Common Lisp at CoCreate (29 Dec 2007)

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In his blog, Peter Christensen started a list of companies using Lisp to build their software or run their businesses. It is a little-known fact that CoCreate, the company I work for, relies quite a bit on Common Lisp in its flagship product OneSpace Modeling. In fact, Lisp and C++ are our main implementation languages!

CoCreate OneSpace Modeling is a 3D CAD modeler built on a concept called "explicit modeling". C++ is used mainly in the modeling kernel, while Lisp dominates the UI, the application logic, many add-on modules, and the API. The Lisp part of the project is safely in the 7-digit lines of code range. I don't know much about the other large Lisp projects out there, and LOC isn't exactly the greatest way to compare application complexity anyway, so I'll play safe and just say that this is certainly a non-trivial Common Lisp project.

Back in 1995, when we were still a division of Hewlett-Packard, we published an article in "HP Journal" which outlines why we chose Common Lisp and what we're doing with it in the product. The article is still available at http://www.hpl.hp.com/hpjournal/95oct/oct95a7.pdf. Since then, the application changed a lot, of course - we even renamed it twice wink But much of what is said in the article about Lisp still applies.

The HP Journal article concluded:

Common Lisp is also used as a user accessible extension language for HP PE/SolidDesigner. It is a standardized, open programming language, not a proprietary one as in HP PE/ME10 and PE/ME30, and the developers of HP PE/SolidDesigner believe that this will prove to be an immense advantage.

SolidDesigner was the original product name; ME10 and ME30 were predecessor products which implemented their own little macro interpreters. Back then, we were a bit cautious about the potential benefits we'd reap, as the product was still in its early days. By now, however, we can say that Common Lisp was a key factor in helping a fairly small team of developers keep pace with the big guns in the industry, due to all the well-known productivity features in Lisp, such as macros, the REPL, or automatic memory management.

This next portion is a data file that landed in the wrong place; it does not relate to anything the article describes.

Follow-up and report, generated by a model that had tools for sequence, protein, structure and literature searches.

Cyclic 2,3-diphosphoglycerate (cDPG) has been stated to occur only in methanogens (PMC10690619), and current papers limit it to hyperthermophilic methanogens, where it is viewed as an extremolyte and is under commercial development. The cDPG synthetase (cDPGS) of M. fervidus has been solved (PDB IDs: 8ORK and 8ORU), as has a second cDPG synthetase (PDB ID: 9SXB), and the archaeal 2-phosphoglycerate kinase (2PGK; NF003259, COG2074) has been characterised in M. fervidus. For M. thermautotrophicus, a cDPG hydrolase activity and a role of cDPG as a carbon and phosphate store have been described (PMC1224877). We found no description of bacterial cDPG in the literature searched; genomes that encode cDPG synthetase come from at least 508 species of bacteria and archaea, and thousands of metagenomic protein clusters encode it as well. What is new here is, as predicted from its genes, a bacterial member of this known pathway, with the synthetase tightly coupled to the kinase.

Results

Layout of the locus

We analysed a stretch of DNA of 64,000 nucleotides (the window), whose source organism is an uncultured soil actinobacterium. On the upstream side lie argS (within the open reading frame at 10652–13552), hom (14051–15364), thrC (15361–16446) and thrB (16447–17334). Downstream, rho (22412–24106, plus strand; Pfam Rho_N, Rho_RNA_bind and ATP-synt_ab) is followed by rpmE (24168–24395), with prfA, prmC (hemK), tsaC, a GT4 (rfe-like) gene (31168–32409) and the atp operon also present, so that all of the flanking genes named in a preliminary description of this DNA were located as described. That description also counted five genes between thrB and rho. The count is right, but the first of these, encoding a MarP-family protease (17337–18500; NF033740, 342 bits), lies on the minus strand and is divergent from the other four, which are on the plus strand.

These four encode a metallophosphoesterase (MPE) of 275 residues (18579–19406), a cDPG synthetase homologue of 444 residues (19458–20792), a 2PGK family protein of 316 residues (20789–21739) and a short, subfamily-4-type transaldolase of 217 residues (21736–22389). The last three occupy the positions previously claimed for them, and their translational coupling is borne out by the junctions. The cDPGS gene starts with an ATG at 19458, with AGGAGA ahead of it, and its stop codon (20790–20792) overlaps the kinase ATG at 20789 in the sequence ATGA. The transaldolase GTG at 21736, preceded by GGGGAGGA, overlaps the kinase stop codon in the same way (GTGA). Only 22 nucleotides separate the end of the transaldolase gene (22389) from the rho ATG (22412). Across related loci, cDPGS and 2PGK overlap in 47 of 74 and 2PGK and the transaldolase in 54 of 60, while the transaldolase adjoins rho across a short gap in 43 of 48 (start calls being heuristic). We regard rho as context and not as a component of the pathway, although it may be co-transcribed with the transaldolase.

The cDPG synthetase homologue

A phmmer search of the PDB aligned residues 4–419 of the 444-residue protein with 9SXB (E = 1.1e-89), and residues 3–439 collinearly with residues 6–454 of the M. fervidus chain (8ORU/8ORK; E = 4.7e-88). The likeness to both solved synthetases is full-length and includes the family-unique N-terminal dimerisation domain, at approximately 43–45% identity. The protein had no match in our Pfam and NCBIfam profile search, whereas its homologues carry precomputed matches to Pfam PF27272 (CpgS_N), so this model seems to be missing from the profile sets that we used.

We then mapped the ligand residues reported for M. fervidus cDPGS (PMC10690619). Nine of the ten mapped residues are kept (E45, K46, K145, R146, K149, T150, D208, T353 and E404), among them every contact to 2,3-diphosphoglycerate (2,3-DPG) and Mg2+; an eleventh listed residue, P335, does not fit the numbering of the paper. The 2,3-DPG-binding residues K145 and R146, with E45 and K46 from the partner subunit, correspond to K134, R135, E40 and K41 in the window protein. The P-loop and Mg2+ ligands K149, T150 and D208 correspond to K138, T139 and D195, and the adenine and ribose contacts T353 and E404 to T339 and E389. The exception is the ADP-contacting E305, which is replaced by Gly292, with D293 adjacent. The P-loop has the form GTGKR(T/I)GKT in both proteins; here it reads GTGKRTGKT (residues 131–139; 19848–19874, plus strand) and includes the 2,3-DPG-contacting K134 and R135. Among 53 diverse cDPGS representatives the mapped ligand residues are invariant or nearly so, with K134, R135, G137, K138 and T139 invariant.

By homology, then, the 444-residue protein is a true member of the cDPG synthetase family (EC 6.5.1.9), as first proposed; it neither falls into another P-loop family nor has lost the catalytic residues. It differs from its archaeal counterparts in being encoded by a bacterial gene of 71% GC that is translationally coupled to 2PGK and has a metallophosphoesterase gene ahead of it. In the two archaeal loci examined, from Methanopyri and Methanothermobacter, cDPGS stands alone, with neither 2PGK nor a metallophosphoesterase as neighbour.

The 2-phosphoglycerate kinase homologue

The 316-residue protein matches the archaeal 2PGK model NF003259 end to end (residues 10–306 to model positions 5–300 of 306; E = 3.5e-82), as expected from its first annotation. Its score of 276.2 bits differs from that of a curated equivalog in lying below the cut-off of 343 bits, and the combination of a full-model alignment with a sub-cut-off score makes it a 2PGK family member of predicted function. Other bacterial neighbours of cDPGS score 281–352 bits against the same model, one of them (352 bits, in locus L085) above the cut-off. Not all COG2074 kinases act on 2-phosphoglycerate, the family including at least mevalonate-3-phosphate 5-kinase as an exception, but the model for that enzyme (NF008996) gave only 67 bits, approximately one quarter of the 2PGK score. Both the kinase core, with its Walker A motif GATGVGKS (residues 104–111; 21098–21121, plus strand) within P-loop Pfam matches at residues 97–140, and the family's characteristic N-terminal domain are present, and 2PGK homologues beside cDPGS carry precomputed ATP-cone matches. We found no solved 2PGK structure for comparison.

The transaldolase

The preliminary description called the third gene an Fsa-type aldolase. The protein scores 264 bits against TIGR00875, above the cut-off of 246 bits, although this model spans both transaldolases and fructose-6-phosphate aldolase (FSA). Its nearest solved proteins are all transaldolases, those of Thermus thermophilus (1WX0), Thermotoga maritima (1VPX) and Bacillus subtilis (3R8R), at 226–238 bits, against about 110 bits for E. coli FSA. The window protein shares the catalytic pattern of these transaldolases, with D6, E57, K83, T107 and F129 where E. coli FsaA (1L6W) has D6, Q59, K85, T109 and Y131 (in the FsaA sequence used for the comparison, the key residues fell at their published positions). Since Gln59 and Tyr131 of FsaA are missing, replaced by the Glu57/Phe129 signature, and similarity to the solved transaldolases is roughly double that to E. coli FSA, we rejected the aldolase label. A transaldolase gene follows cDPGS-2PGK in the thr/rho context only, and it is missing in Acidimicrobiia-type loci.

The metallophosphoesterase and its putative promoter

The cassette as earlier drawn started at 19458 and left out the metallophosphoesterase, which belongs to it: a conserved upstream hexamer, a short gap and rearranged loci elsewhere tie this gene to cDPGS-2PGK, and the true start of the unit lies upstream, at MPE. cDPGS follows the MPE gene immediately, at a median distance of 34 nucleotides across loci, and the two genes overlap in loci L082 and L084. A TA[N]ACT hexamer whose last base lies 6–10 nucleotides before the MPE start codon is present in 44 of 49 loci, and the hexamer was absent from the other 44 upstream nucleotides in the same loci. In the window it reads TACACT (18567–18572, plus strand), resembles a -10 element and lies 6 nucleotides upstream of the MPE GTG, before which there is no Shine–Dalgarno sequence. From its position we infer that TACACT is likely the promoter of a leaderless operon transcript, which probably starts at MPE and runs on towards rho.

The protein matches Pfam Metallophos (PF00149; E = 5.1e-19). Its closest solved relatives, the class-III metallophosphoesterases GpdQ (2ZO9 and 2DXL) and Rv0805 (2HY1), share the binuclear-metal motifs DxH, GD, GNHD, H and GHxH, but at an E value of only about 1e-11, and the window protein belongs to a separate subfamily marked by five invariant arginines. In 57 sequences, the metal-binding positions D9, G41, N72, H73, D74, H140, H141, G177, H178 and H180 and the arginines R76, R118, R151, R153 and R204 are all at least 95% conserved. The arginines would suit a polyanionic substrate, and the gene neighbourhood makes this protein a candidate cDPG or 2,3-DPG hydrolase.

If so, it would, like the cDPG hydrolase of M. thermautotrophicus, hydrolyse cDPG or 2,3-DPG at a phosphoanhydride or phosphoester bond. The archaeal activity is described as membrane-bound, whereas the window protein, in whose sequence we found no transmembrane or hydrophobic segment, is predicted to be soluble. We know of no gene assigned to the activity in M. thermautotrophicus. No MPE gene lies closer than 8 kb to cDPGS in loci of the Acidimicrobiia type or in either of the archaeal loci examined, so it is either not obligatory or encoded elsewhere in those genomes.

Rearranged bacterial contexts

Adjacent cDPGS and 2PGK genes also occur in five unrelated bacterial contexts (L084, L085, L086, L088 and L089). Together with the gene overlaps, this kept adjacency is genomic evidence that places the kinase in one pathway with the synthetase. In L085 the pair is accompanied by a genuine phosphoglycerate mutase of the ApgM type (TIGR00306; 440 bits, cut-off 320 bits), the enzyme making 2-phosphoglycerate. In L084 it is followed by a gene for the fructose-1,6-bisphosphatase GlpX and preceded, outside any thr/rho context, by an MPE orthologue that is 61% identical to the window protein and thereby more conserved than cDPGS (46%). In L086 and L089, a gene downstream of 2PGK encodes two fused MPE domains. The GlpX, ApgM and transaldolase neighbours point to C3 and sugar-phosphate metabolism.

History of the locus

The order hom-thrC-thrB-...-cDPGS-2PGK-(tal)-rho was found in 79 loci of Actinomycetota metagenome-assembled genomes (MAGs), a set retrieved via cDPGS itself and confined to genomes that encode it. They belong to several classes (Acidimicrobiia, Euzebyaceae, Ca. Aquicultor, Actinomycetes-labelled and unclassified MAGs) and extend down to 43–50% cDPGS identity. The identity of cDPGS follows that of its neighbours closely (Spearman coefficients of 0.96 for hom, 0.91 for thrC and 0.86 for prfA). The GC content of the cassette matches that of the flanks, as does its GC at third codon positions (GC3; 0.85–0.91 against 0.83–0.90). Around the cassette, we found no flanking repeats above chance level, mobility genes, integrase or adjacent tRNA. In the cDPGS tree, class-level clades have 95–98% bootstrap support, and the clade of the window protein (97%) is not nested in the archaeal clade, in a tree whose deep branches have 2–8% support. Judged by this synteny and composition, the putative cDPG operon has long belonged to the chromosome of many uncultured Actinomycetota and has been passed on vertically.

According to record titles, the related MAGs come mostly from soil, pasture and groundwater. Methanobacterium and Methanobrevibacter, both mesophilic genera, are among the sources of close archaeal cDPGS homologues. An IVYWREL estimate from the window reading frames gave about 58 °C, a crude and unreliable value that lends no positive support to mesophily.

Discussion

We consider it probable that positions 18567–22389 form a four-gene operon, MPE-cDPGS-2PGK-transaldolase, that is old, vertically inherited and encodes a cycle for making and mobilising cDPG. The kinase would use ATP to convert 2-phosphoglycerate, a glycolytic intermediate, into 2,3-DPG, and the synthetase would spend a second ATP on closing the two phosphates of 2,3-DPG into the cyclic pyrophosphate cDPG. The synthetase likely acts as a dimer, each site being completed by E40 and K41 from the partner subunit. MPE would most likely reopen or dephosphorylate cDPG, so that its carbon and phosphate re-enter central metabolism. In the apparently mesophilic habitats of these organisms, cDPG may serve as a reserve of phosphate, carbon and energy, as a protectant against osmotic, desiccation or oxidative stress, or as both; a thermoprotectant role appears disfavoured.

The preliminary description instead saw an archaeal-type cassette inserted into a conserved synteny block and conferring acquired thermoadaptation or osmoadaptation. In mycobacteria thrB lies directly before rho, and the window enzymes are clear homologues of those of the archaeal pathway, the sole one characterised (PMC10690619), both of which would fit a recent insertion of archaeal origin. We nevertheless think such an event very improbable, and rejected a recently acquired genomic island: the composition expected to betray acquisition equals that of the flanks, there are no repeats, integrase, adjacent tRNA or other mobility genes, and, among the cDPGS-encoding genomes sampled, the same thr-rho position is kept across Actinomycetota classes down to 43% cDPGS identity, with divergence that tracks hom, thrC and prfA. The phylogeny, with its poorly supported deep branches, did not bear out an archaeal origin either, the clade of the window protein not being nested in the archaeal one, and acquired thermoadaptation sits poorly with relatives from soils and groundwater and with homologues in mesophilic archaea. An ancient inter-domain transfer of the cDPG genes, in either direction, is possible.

The HP Journal article describes how we use macros to define a domain-specific language called action routines, which are state machines which guide users through commands. Later, we extended that concept by automatically generating UI for those commands: Using the sd-defdialog macro, application developers can implement full-blown commands in just a few lines of code, without having to write any (or at least hardly any) code for services such as:

  • Automatic "macro recording" of commands
  • Context-sensitive online help
  • UNDO support
  • Command customization (commands can be started from toolbars, menus, a user input line, or from our "taskbar")
  • Sequence control (dependencies of user inputs on other input)
  • UI creation and layout
  • Adherence to UI style guides
  • Graphical feedback both in the UI and in 3D graphics windows
  • Type and range checks for input data
  • Automatic unit conversions (imperial to metric etc.)
  • Prompting

I've been planning to blog more on sd-defdialog for some time, and hope to get around to it Real Soon Now.

Needless to mention, I guess, that I made sure that CoCreate is now also part of Peter's great list... .-)

PS: If you're interested, check out my other blog posts related to CoCreate Modeling or the CoCreate Modeling FAQ.



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